Oh, and we don't sell blemished or damaged goods, we donate them to places like Habitat for Humanity. We recently had some panels with broken glass and we donated them to a local tech school for use in various projects.
There are lots of suppliers out there who can and should be able to do this. You can find cheaper panels but currently we have German made and US made panels in the $.55 to $.70 per watt on the panel end and with a string inverter you are well under $1 a watt. I won't list my company as I am not advertising but other major wholesalers like Soligent, CED, and others should be able to match our prices. Online resellers and places like Ebay will probably remain high so I just wanted to pass this info on so people can get the most solar for the money.
China told everyone they were going to install gigawatts this year, everyone ramped up inventory then they cancelled. You can call this government stupidity or a move to crush foreign competitors but regardless, it means there is a glut of panels on the market for at least the next two quarters. Prices will probably rise a bit toward the end of the second quarter next year.
Pallets are FREE...oh boy! They are useful intact, making a three bay compost bin with full pallets is the best use of them well, that and big bonfires. Taking pallets apart takes a fair amount of work and yields relatively little useful wood. It looks good on Pinterest but you don't see the labor involved or how much cheating was done.
Best way to get free wood is look for large construction sites, the sheer volume of great material they throw away will shock you. I once got 400 board feet of clear vertical grain old growth redwood interior trim that would have cost easily $1,000.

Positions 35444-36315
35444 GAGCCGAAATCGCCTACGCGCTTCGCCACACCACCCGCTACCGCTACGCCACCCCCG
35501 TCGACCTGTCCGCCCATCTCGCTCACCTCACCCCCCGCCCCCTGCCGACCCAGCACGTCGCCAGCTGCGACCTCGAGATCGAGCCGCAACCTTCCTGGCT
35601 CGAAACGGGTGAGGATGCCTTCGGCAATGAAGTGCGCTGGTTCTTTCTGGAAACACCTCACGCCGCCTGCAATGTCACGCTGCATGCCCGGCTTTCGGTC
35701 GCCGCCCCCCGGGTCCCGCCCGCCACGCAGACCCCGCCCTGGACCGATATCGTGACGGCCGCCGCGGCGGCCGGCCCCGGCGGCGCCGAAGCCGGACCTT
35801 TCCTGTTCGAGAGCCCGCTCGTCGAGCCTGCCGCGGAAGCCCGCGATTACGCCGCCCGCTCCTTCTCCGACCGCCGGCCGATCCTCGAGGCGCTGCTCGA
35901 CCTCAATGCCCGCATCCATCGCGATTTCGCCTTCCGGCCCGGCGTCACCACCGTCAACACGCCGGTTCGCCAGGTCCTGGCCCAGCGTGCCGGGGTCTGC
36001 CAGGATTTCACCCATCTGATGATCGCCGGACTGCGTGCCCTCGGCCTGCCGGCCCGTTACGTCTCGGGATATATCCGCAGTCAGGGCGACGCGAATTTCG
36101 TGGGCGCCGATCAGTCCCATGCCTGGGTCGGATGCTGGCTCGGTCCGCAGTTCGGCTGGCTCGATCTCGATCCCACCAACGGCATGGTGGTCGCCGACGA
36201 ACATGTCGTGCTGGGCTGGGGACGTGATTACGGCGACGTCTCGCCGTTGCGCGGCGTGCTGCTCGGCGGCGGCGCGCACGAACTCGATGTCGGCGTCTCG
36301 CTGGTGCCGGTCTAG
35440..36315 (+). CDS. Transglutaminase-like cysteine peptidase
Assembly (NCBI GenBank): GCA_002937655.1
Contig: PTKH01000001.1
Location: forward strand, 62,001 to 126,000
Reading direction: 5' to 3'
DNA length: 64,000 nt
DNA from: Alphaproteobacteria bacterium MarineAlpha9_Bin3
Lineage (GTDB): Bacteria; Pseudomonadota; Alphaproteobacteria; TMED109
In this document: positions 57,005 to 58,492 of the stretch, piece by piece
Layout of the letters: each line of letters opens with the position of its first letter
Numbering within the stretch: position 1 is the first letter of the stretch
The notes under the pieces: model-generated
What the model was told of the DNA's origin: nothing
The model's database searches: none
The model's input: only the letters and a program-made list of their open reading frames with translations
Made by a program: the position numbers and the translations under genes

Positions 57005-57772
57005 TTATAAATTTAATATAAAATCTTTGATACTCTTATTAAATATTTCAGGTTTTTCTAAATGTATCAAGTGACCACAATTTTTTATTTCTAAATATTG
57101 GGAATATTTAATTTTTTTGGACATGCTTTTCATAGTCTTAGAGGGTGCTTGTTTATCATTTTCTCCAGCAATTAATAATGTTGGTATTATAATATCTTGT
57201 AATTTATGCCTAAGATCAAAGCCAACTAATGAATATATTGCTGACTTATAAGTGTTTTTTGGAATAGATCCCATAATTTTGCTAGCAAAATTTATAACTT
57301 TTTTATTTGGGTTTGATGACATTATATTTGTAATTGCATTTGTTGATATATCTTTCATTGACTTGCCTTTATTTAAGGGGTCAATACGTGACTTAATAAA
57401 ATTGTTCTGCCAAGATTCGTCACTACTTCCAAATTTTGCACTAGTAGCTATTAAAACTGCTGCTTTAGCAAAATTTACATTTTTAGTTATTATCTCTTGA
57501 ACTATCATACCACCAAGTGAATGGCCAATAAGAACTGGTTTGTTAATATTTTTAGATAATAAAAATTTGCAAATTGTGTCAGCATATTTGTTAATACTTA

The other source for good cheap wood is fence boards, both new and used. Fencing companies remove old wood fencing in blocks of 4 feet usually, throw legs on one and you have a rustic table. They will actually come apart using a lot of usable wood for relatively little effort. Play your cards right and the fencers will sometimes drop them off for you to save the cost of going to the dump.
Buying new fence boards is pretty cheap, its what I build my raised beds out of. They are less than $3 at most box stores.
Another tip is ask if they have any rejected wood. I just got 200 redwood fence boards from Lows for $200, rejected because they had gotten wet and mildewed a bit...LOL!
So, a couple of thoughts. Mimosa trees are fairly drought tolerant and have deep tap roots, they produce a LOT of biomass, feed bees like crazy and fix nitrogen. They seed prolifically so they have that going for themselves as well.
Also, since you are in Barstow, Fresno is a long drive but the there are underground gardens there that were built for a similar climate and might yield some interesting ideas